*MR. NYANHONGO: Thank you Mr. Speaker. I have just received information from my Constituency that three wards have been affected by typhoid. What measures are you taking to respond to these to check whether there is no relationship between this problem and ebola? I was of the view that there should be an urgent response to this to check whether it is typhoid or something else.

MR. MANDIPAKA: My questions is that, in Liberia, we understand Mr. Speaker Sir that it has been ravaged and we had our police officers conducting United Nations Peace Keeping Missions there. I would want to know from the Minister whether they are still safe or they have already been withdrawn?

*THE MINISTER OF HEALTH AND CHILD CARE (DR. PARIRENYATWA): Thank you Mr. Speaker Sir. There are several pertinent questions and I really appreciate hon. members asking these questions because it does show their concern but it also illustrates that we need to educate each other much more. In other words the issue of awareness is a big issue. I am glad that I have brought in here the representative of the World Health Organisation in Zimbabwe, he is sitting right there, Dr Okello, perhaps he will be giving me written coaching on some of the technical issues. Mr. Speaker Sir, clearly we need to start educating our own legislators here so that they can spread the word to others.

Let me start with the question asked by Hon. Nduna on the detours and on how prepared we are and also touch on resources whether we liaise with other SADC countries. Your question Hon. Nduna is very good. When you get the transmission of ebola, if you understand transmission, everything else becomes easy. Ebola is transmitted through contact with someone affected or a dead body of a person who was affected with ebola, but in that contact there should be fluids that will have been exchanged between the two bodies probably through tears, blood, urine, sweat, feaces and semen.

Such fluids transmit ebola. Ebola cannot be transmitted through coughing like flu, it is not airborne. It is transmitted through body fluids or a contaminated object and we should understand that. People should stop shaking hands like we used to do during the cholera outbreak, to greet each other using clenched fists. We should continue to do that so that we do not end up having that contact which spread the fluids.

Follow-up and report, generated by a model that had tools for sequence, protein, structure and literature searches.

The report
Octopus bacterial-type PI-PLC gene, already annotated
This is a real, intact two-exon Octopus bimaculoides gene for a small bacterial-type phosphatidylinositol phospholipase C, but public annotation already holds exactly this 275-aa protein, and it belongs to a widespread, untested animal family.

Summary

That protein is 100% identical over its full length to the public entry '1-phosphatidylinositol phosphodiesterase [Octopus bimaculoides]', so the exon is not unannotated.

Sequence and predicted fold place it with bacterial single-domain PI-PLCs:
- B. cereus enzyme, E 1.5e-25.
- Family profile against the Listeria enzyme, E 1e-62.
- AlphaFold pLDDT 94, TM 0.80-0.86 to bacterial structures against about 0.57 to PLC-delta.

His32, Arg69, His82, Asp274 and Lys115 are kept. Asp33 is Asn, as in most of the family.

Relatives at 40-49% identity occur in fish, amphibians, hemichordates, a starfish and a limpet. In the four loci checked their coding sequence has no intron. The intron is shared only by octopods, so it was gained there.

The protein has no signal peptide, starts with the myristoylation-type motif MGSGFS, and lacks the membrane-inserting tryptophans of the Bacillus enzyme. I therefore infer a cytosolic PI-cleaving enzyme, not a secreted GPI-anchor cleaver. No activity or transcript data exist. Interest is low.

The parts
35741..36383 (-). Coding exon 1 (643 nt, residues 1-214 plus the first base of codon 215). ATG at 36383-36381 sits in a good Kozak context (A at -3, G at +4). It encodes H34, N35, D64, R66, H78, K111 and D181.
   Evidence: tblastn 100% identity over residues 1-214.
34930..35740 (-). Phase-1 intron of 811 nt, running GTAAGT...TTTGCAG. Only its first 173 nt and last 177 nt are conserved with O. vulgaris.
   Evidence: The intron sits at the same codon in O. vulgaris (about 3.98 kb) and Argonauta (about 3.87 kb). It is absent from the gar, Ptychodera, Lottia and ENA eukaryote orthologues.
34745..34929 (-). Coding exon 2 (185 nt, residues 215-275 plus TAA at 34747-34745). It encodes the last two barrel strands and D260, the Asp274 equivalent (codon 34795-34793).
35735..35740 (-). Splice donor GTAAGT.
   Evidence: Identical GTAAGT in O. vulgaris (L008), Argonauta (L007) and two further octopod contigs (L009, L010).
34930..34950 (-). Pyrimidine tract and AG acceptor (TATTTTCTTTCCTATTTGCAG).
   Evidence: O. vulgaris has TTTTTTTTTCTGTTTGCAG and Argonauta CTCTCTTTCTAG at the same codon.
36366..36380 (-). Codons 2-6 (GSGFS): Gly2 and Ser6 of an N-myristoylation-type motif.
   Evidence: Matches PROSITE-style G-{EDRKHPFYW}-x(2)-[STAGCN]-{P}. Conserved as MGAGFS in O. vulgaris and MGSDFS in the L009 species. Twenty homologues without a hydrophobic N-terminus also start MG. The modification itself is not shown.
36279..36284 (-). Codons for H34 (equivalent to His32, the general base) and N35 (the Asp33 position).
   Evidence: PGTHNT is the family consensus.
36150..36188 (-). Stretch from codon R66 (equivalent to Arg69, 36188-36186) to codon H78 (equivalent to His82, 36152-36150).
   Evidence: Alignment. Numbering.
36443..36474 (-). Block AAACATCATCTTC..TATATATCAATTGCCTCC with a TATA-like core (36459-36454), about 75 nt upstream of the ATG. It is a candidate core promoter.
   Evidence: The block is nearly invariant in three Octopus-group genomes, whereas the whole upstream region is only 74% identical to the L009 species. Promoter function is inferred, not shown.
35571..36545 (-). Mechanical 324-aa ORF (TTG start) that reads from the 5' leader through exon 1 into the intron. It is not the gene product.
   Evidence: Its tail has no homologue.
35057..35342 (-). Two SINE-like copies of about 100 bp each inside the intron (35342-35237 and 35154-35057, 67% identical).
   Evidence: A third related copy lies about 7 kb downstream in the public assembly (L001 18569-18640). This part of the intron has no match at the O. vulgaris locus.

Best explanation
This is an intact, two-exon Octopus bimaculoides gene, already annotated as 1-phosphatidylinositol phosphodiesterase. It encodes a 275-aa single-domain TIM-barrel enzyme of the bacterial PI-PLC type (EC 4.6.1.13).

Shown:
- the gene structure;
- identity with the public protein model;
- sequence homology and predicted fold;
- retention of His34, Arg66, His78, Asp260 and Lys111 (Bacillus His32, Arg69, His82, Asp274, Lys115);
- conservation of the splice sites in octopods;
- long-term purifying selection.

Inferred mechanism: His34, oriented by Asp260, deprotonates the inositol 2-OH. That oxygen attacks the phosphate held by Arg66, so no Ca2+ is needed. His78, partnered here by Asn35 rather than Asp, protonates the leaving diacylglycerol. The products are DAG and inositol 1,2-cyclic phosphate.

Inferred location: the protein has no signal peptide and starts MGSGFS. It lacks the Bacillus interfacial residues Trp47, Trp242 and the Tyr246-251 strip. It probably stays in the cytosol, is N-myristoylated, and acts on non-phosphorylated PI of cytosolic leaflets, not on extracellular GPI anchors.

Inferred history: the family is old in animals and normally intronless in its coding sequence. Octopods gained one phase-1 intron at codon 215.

Mr. Speaker Sir, the issue that has been raised of clothing, on whether ebola can be transmitted through clothing, it is possible to transmit it when it is still fresh. The virus has a very short life span. After four hours, it is dead. There is no danger in those clothes. Fresh bodily fluids are dangerous. You should be very careful; do not shake hands.

I am the Chairman of the SADC Health Ministers, we have met twice on this matter. Most of the things we are doing in Zimbabwe are being done in neighbouring countries. This is a new disease. The problem with our country is awareness, conscientising the people like we did on the issue of HIV/AIDS. What we have done here is, we have taken the job and have given it to the National Aids Council. The National Aids Council did a lot on the issue of HIV/AIDS. It has Provincial Aids Council, DAC, WAC and FAC for families. That is the process we are going into so that they look into this and use radios, televisions and other media.

The matter where you said advertisements should be placed at intervals in between programmes, my plea is that advertisements are placed regularly on television, radios, et cetera. I can see that you want us to conscientise each other here. Probably our people are even worse off. Therefore, we should quickly pass on the word to the chiefs, village heads, religious leaders, traditional healers and all that we used to do long back. The word should go into schools so that it reaches the people. How it is transmitted and how we can do advocacy, we have already covered that.

Hon. Holder asked about what is being done to European countries who have removed travel bans. He asked whether we are not in danger because of that. Travel bans have been banned, so the world has agreed that there should not be any travel bans, either on international airports, shipping ports or on road but screening on entry points should be strengthened. It has been discovered in West Africa that travel bans are not serving much purpose. The situation actually becomes worse because it is like imposing sanctions on the people. The people no longer receive food, there is no trade and the economy is collapsing; it is like a country on sanctions. It is counter-productive, so the idea is no more travel bans but strengthen your screening processes and strengthen awareness to the people. That I think is the major target that we are looking at.

There is an hon. member who asked whether Ebola is spread through money. If the money is contaminated, we have to be very careful of course. However, we should not panic too much. If we look at it, yes big populations have been affected but really to date, it is about 4 500 people who have been infected and of those, half have died, of all those countries. Let us measure it and we should not panic too much but we should always be very cautious. Hon. Mangami asked about second hand clothing and symptoms of the disease and I have already explained. Hon. Nyamupinga asked about training and the issue of cross border trading. I think that is the major issue, people should be well informed.

It is not every country that people are suffering from Ebola. There is Guinea Conakry but Guinea Bissau and Equatorial Guinea are not affected. In fact, we have 120 students who came from Equatorial Guinea. We have Guinea Conakry, Sierra Leone, Liberia as the most affected countries. Senegal, Nigeria and DRC are also affected. DRC is the only country in the SADC region affected by ebola. However, we are grateful that DRC has managed to contain the spread of the virus; it is only one corner that has Ebola, on the north-eastern part of the country. One of the best ways of containing ebola is to crowd it at base, to keep it there and bar it from spreading and that is what they have managed to do. DRC has done a good job, they have really crowded it that side, so let us not panic too much about it but we need to continue to teach our people, especially those who are cross bordering.